When I asked Catherine Burke what she would wish for if she could change just one thing in all schools, this is how she replied:
(T)o remove everything from schools including all the clutter and all the paraphernalia and all the technology and all the stuff and then have a really good think about what was necessary to bring back.
And to try and justify bringing everything back.
And OK, bring it all back if it’s got some justification but schools are (…) very cluttered places, full of stuff (…) lots of layers of things that are not necessarily of use any more.
Catherine’s view of the school building as a container, from which everything could be removed in order to see what is actually useful, came back to me very clearly this week when I visited a new primary school in the London Borough of Newham. The old school, which had been a junior school for several decades, had been demolished and rebuilt as a primary school on the same site.
Walking around the school with the assistant head teacher, I noticed that the ubiquitous coat pegs usually found in school corridors and halls were nowhere to be seen.
One of the teachers explained to me that each pupil had their own large, plastic storage box in a unit outside the classroom to keep their things in, including their coats. On wet days, coats could be hung on the backs of chairs until they were dry enough to put away in the boxes.
Above the children’s storage boxes were second, third and even fourth layers of boxes containing the school paraphernalia that Catherine Burke refers to in her interview. Classrooms in the new school are small in comparison with the old junior school and although some have been arranged to make room for one small cupboard, others have not. None of the classrooms have a walk-in storage cupboard, beloved by primary teachers across the country not only as a place to put their stuff, but also as a tiny haven to take some breathing space from the pressures of school life.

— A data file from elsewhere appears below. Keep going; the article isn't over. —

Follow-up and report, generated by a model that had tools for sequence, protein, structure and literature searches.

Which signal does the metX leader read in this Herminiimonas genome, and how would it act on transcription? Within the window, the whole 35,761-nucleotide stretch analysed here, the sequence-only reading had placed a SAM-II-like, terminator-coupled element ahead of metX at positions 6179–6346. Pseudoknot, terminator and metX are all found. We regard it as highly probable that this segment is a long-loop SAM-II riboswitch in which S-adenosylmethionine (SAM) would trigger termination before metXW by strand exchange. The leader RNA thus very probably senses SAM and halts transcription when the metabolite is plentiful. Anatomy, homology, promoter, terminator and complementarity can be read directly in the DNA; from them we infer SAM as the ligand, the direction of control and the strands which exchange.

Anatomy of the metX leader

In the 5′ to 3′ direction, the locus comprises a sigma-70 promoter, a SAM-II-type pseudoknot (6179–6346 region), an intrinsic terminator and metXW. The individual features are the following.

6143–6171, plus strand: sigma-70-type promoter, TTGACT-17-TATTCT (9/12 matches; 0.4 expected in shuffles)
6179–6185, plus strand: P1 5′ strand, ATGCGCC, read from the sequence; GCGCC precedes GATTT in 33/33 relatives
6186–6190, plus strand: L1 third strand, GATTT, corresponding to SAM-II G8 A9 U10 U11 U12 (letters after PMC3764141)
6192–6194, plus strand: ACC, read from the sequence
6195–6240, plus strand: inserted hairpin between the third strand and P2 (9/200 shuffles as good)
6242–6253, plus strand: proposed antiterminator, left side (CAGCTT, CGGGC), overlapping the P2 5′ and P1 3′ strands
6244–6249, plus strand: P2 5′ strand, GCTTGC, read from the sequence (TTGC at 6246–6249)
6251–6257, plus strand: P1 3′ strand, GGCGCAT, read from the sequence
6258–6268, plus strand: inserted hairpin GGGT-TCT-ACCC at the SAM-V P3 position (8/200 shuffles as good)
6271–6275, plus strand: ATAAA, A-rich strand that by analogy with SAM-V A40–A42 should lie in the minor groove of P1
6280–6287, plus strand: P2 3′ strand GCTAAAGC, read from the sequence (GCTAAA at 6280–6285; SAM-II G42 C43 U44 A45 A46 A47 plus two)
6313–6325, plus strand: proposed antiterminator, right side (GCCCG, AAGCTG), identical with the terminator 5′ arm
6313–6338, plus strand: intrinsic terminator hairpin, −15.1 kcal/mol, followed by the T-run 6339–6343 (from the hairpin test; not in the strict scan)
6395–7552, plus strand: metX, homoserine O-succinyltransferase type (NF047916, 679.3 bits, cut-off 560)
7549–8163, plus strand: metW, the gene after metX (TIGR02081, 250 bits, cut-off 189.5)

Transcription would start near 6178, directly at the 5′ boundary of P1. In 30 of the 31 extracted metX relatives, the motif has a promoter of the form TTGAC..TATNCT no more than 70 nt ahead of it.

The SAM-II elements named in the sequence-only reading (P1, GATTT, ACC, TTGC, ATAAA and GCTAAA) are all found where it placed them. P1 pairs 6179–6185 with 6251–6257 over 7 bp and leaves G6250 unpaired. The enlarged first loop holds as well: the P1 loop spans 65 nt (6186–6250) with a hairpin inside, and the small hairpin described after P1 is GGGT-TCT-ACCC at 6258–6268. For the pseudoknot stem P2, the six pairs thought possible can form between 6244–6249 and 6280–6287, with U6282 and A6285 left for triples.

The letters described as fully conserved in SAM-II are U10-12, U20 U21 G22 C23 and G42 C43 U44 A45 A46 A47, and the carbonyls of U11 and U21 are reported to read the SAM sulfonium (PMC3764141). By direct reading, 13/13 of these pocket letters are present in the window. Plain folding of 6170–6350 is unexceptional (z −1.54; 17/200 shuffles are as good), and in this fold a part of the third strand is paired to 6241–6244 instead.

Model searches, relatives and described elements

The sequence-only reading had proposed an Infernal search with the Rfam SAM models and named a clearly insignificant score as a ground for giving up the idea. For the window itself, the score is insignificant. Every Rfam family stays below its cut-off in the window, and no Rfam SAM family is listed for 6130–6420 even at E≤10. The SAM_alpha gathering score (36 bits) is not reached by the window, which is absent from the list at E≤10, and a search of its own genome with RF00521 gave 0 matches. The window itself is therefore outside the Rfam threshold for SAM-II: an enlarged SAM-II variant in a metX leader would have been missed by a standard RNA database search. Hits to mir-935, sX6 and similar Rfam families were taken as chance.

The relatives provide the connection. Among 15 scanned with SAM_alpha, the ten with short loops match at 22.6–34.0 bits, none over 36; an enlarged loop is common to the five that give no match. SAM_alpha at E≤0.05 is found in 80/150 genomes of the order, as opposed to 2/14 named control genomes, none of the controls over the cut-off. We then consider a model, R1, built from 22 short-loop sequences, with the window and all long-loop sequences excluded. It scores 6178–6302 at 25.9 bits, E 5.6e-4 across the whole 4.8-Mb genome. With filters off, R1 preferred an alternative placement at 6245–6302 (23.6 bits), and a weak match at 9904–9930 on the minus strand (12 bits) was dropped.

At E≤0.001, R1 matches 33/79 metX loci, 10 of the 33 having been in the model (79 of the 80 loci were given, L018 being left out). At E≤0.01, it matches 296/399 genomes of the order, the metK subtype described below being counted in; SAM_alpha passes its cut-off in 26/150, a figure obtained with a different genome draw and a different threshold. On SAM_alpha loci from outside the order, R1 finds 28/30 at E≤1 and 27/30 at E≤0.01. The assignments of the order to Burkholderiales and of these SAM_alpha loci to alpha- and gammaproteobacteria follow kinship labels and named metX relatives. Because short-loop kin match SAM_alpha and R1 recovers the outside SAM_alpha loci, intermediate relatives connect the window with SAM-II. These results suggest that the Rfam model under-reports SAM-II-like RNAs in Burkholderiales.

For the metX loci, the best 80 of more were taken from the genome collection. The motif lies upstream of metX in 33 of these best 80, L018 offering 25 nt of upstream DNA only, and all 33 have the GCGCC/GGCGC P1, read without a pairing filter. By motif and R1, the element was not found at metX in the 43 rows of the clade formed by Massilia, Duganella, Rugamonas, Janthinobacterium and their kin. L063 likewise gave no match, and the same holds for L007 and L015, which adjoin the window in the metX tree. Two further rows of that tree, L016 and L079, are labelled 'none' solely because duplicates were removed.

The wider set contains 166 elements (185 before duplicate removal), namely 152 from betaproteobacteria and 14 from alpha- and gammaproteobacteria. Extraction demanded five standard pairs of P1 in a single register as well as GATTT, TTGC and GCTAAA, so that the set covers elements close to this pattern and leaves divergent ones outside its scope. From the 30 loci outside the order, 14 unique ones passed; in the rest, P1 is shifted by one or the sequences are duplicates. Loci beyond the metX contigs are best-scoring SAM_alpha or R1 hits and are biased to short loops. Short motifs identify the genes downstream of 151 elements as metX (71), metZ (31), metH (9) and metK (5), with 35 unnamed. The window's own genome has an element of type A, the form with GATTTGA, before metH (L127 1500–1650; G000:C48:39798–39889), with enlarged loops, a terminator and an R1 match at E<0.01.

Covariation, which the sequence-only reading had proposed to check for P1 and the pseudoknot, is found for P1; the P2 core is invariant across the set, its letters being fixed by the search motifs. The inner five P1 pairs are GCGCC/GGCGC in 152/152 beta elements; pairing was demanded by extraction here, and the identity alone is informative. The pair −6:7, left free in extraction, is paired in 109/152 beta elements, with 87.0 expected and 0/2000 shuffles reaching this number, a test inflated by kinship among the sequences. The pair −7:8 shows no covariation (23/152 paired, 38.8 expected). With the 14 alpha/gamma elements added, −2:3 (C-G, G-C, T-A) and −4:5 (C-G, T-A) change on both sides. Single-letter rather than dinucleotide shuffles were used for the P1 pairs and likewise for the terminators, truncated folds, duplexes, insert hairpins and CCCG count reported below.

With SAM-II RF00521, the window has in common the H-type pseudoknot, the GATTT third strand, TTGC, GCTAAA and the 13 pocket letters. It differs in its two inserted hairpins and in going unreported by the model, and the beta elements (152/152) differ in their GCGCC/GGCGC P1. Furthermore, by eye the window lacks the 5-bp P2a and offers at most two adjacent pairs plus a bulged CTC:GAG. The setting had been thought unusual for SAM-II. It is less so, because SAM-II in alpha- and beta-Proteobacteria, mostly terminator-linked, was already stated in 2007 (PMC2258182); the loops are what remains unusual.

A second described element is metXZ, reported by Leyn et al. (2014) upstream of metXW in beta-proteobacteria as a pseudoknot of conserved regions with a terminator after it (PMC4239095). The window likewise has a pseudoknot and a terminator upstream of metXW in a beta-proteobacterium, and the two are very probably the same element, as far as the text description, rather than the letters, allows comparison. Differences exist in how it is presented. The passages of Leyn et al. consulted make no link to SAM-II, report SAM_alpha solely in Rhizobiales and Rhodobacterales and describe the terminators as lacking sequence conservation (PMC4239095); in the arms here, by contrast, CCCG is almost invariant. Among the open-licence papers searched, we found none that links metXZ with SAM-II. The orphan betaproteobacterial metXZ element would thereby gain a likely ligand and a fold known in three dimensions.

The volume of storage space in the school seems extremely limited for a three/four form entry primary school. How had they managed to compress all of their resources and stationery into these relatively small boxes?
The answer, as the assistant head explained to me, seems to come from the circumstances of the move from the junior to the primary school. There had been a short interim period between the old school and new school when everything was decanted into a small Baptist church building at the end of the street. Every treasured object and resource was carried by the staff from their classrooms and cupboards to be stored in the church. But when it was time to move everything into the new school, objects began to justify their value in terms of the weary arms and legs of the teachers. Suddenly the skip, placed temptingly outside the church, seemed to make the process of choosing what to take to the new school a lot simpler.
So it seems that one way to declutter a school may be to construct a two-step process, first removing everything and then making the prospect of bringing it all back less than attractive. And Catherine Burke’s wish had come true, in one school at least.
You can read the full interview with Dr Catherine Burke here